citrus

Fir Mousse and Sea Buckthorn Cocktail

Sea buckthorn, fir needles, vodka, sugar and gelatin

We aren’t completing these recipes in any particular order, so we have finally gotten around to making the very first recipe of the book! This recipe was a challenge for us as we had no idea where to find sea buckthorn berries. Since a number of ingredients in the book are foraged, we put off doing this recipe until we could find a reliable source (or at least until we knew where to forage!). We were lucky to learn that some friends of ours knew where to find a sea buckthorn shrub, and were kind enough to able to nab us a branch of the berries before the birds and the cold got to them.

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With the most difficult ingredient of the recipe sourced, we took the dog out for a long walk to forage for fir needles. It’s nearly impossible to estimate how many needles is equivalent to any particular weight, so we brought quite a lot home.

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We measured out a comparatively small amount of fir needles than we had on hand and added sugar and water.

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The mixture was brought to a boil in a pot and then steeped for 15 minutes to incorporate as much of the flavour as possible. While the needles were steeping, we bloomed gelatin in cold water.

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Next, we strained the needles from the liquid and combined the conifer tea with the bloomed gelatin.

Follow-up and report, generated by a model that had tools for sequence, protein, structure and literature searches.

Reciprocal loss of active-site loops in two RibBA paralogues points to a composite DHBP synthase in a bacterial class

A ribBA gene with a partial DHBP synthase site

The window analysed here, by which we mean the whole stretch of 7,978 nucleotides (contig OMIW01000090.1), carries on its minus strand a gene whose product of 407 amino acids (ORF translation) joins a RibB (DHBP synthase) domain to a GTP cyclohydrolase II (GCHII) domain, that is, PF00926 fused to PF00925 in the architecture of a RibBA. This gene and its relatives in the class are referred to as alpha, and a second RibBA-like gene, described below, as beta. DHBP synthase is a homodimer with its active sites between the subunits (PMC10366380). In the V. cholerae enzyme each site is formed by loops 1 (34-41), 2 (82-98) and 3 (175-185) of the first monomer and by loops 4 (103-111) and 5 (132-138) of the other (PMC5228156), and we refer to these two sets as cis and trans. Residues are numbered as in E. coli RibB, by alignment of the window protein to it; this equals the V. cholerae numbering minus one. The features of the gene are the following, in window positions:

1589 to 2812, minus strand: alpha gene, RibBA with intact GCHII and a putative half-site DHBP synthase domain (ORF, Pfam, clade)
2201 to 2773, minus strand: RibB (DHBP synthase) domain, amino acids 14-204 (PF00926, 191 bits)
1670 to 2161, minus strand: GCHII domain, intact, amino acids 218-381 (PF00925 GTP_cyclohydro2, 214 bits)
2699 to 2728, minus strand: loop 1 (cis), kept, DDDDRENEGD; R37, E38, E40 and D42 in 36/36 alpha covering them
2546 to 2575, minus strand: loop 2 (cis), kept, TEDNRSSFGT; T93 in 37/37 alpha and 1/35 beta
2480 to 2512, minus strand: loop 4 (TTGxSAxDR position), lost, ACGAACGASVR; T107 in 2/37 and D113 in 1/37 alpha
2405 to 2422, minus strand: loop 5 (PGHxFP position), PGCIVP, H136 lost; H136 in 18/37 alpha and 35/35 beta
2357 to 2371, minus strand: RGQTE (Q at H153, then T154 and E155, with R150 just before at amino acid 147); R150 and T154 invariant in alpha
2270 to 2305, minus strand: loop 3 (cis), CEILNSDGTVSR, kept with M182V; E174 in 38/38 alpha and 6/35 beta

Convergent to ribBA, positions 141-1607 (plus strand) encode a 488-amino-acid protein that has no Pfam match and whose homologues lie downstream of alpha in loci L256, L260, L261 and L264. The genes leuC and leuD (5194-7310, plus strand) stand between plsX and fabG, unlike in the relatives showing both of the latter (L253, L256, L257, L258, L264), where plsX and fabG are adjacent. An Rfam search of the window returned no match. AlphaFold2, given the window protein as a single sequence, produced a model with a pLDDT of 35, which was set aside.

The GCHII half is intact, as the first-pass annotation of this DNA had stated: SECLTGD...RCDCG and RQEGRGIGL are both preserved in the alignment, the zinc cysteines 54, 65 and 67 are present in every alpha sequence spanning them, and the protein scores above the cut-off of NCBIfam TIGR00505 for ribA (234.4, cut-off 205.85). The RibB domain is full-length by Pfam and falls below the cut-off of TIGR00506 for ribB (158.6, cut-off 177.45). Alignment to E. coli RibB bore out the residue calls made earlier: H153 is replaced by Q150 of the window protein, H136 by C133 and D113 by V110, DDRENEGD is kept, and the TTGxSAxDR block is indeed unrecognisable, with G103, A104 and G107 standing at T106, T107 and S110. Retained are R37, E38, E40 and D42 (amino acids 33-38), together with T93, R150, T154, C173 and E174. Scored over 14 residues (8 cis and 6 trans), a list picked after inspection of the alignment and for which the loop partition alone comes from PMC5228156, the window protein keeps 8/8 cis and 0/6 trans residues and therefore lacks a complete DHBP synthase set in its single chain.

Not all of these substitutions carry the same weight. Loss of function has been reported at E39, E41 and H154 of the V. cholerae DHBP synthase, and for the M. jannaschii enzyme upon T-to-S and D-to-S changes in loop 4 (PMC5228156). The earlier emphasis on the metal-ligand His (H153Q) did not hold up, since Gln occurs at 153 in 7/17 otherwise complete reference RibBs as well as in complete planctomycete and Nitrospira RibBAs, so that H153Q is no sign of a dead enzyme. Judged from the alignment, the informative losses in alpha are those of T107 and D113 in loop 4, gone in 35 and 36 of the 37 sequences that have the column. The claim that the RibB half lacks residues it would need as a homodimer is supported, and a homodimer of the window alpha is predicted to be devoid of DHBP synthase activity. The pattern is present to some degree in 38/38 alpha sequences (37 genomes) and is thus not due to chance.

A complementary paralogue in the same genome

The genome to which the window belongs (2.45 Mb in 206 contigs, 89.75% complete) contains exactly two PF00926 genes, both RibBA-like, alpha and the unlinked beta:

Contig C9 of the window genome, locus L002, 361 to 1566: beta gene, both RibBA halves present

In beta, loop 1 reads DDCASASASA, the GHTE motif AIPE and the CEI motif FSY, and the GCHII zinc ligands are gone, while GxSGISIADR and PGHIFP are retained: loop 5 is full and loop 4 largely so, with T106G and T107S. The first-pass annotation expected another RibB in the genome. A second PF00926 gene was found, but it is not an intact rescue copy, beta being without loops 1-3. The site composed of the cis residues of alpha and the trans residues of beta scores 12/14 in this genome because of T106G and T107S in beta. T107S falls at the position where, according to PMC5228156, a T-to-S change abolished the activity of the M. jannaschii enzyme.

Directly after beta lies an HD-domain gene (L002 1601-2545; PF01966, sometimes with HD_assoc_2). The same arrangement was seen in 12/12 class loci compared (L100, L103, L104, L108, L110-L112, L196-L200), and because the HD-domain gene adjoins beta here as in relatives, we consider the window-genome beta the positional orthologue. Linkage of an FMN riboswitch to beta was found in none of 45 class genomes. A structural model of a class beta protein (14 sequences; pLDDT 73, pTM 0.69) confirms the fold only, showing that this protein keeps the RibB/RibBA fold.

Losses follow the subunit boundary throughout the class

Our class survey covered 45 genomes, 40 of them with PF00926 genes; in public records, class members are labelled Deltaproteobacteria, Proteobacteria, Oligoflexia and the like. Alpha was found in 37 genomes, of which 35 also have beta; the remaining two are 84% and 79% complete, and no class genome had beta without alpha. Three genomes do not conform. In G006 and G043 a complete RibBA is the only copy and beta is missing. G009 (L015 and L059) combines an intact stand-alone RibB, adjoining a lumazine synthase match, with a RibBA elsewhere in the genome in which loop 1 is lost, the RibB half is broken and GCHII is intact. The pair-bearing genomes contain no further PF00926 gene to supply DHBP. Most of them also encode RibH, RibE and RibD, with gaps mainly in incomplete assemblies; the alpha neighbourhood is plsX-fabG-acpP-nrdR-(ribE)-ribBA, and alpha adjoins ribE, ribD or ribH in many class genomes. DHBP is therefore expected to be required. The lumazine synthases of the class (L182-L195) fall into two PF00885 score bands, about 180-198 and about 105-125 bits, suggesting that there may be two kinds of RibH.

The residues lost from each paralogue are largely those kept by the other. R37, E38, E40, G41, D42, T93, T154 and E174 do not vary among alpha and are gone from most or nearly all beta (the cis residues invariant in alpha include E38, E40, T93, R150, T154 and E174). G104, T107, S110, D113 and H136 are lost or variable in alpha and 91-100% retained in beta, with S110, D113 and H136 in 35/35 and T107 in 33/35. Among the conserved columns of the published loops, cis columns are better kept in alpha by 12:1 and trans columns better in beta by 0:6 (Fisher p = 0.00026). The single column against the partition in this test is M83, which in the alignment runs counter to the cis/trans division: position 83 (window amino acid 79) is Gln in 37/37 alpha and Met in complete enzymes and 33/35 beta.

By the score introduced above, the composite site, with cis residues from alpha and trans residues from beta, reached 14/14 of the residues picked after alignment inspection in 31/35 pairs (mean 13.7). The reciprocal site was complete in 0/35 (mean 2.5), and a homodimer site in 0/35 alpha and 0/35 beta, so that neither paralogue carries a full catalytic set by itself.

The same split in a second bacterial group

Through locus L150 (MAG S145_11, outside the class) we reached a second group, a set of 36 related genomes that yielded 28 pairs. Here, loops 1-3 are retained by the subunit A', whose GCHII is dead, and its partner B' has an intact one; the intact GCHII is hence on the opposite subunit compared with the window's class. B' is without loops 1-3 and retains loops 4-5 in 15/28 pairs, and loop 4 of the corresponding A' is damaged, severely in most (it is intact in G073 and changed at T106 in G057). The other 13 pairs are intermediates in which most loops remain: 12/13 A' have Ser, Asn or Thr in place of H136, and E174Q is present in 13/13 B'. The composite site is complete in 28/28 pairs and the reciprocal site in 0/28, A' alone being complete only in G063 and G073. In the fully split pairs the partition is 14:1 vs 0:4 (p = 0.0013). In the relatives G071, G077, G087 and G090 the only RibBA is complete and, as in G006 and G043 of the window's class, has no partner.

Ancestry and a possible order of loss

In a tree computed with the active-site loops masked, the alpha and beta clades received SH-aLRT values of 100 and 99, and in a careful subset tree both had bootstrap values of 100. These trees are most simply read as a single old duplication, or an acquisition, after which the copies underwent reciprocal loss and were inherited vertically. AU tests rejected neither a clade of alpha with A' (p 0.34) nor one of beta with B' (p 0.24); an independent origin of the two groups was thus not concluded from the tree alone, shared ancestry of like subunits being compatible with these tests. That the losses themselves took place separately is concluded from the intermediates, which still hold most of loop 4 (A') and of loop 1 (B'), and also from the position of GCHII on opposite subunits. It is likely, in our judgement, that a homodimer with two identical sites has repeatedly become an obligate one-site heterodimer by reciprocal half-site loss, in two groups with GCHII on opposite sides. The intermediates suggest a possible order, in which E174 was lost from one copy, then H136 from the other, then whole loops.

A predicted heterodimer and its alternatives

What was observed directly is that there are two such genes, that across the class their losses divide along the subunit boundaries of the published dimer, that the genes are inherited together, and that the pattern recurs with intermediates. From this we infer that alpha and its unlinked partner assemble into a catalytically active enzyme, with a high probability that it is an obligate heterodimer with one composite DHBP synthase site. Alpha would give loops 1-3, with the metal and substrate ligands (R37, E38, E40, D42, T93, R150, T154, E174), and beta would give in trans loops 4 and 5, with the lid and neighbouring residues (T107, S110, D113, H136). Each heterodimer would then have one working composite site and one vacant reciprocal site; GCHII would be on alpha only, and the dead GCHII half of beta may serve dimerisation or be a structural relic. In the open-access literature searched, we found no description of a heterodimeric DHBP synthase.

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After the mixture cooled to room temperature, we poured it into a siphon, charged it with N2O and put it in the fridge overnight.

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Next, we prepared the base of the cocktail–a sea buckthorn syrup which was prepared by boiling the berries in a simple syrup until they started to pop. We crushed the berries in the pot to release all of their flavours, a step which was not mentioned in the procedure for this recipe. The resulting syrup tasted super-sea buckthorny, so we were happy with that!

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Finally, the sea buckthorn syrup was strained using a coffee filter and cooled in the fridge. The following day, we prepared the flavourful cocktail by combining the syrup with vodka and siphoning the fir mousse on top of the beverage.

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We finished the cocktail with a singular sea buckthorn berry (which surprisingly didn’t sink in the foam) and some of our many leftover fir needles.

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The resulting cocktail tasted very strongly of the berry, which we loved! If you’ve never tried these berries before (like us prior to trying this recipe) they have a tangy, citrus-like flavour. The fir mousse was a big surprise for us because it complimented the flavour of the berries really well! This is a flavour combination we’ve noticed is used quite a bit in this book (we paired citrus with fir needles in the Chicken Casserole and Jar of Pigeon recipes) and so far it has yet to disappoint! We can’t wait to see what else this book has in store for us!

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Nothing Ice Cream

Eggs, cream, sugar and various fruit juices

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After a short break for family visits and work-related activities, we are now finally getting to posting some of the recipes we were able to finish in between family-related events (in order, hopefully). I believe our first recipe was “Nothing Ice Cream” –which turned out to be a really interesting (albeit frustrating) experience and a great learning opportunity. We had the day off due to Good Friday, and had planned on waking up late and making some ice cream and fruit powders to serve as dessert for the family Easter dinner.

The day started off really promising. We had bought some beautiful citrus: lemons, limes, blood oranges and grapefruit. These had very vibrant colours, and made for some really nice pictures.